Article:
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Authors: OLUMUYIWA, A. O.
Keywords: Ofada rice
OS6 processing conditions
Sensory characteristics
Rice flakes
Issue Date: 2014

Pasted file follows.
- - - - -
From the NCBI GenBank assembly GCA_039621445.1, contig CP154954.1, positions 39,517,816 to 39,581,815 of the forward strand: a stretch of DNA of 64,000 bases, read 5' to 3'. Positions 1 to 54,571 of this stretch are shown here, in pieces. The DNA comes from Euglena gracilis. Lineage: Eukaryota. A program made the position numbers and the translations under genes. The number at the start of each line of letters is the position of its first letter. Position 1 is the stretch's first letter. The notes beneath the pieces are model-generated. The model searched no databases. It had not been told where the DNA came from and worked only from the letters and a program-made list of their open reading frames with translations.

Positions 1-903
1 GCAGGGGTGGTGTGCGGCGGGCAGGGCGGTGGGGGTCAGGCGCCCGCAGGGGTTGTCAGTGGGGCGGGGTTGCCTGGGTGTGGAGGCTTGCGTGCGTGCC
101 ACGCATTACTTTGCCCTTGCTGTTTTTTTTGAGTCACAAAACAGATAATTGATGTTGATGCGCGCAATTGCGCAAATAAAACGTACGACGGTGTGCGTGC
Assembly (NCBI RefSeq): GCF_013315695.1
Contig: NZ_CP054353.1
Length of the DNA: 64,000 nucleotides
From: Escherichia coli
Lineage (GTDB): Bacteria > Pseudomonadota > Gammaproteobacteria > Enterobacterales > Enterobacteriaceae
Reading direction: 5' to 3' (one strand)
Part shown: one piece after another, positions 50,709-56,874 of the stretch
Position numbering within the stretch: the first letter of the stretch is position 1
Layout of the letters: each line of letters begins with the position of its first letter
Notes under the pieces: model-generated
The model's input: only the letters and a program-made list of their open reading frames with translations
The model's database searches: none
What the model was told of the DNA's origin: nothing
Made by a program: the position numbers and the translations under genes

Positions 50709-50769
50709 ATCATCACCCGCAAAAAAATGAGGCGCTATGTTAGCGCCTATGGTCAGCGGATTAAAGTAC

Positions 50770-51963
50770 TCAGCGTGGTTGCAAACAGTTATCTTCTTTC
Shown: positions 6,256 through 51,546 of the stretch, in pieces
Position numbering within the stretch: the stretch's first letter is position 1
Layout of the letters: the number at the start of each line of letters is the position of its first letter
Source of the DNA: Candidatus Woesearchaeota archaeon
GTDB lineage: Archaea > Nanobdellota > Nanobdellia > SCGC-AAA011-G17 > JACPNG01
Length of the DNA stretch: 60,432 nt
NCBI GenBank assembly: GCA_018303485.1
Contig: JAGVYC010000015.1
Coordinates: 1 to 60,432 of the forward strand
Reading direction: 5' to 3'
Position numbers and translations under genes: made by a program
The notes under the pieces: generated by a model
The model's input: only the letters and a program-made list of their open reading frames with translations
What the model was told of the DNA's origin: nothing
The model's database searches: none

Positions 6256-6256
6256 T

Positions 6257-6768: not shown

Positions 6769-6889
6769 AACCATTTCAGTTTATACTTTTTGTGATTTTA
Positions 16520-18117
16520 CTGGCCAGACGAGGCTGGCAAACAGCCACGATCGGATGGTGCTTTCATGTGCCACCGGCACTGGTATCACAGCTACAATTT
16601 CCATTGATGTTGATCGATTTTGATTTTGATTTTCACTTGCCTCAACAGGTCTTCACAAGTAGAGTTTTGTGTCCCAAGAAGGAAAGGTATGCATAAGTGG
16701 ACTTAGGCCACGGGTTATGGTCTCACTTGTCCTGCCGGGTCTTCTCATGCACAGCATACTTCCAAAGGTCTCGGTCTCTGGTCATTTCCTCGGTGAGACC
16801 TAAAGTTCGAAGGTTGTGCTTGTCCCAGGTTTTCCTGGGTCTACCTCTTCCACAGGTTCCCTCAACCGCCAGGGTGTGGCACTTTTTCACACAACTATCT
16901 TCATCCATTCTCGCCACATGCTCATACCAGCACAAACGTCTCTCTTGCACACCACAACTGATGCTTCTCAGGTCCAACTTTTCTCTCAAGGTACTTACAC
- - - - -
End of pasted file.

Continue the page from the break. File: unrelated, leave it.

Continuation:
Abstract: Rice is a staple food in Nigeria with consumer preference for imported varieties due to good quality. Ofada rice (OS6) is a local variety characterised with unpleasant smell and unappealing appearance. Previous researches to improve Ofada rice quality have not satisfactorily solved the problem. This study was designed to determine effect of processing conditions on physical, chemical, cooking and sensory properties of Ofada rice and flakes. Trial experiments were done to determine variables and responses of experimental design. The variables (storage, soaking, parboiling and drying) were interacted using response surface methodology and responses (physical, chemical, cooking, and pasting properties) for each experimental combination were analyses. Physical (length, width, breadth, head rice yield, brokenness, chalkiness and colour) properties of the samples were determined using ASABE methods. Chemical (protein, fat, ash, carbohydrate, metabolisable energy, free fatty acids, and amylase, zinc, iron, magnesium, copper, potassium and calcium) properties were determined using AOAC methods. Methods of AACC were used for determination of cooking (cooking time, water uptake ratio, solid loss and elongation) and pasting properties. Ready-to-eat rice flakes were produced by pressing and roasting pressure-cooked rice dough. Proprietary software was used to model and optimise process parameters for both grain and flakes. Predicted optimum conditions for rice grain and flakes processing were validated using experimental values. Adsorption isotherm of flake was determined at 25, 35 and 45 ⁰C for 14 days using gravimetric method. Sensory characteristics of cooked rice and flake produced at optimised condition were determined using panelists.Data were analysed using regression and ANOVA at p=0.05. The ranges of length, width, breadth, head rice yield, brokenness, chalkiness and colour lightness of the rice grain were 5.5-6.3 mm, 2.5-3.0 mm, 1.9-2.4 mm, 50.7-76.5 %, 0.8-83.1 %, 0-49.6 %, and 66.0-78.8 respectively. The rice contained protein (8.4- 10.4%), fat (0.7-3.8%), ash (0.1-1.0%), carbohydrate (78.6-84.4 %), metabolisable energy (390.3-395.2 kcal/100g), free fatty acid(1.2-4.8%) and amylase (18.5-26.5 %). Storage, soaking, parboiling and drying temperature significantly influenced cooking properties of rice grain. Iron (24.0-75.0 mg/kg), zinc (13.0-42.5 mg/kg) and magnesium (234.3-366.2 mg/kg) were the major minerals found in the rice grain. Drying temperature and storage duration significantly influenced pasting properties of the grain. Coefficient of determination (R2) of predicted models ranged from 0.1 to 0.8. The best rice grain was obtained at grain storage for eight months and 19 days, soaked for one day and 20 h, parboiled at 113.0 °C, and dried at 43.2 °C while most acceptable flakes were obtained at grain storage of nine months, soaked for four days and 17 h, parboiled at 106 °C and dried at 30 °C. Deviation between experimental and predicted values ranged between 0.9 and 0.93 % for rice grain and flakes. Adsorption isotherms of the flakes best fitted into Guggenheim Anderson De Boer model (R2=0.96). Flavour and appearance of the rice and flake produced at optimised condition were acceptable to panelists. Appropriate storage duration and processing conditions have been established and found to successfully eliminate unpleasant odour and improved appearance of Ofada rice grain. Ofada rice was found suitable for production of ready-to-eat flakes which is an alternative means of harnessing potential of Ofada rice.
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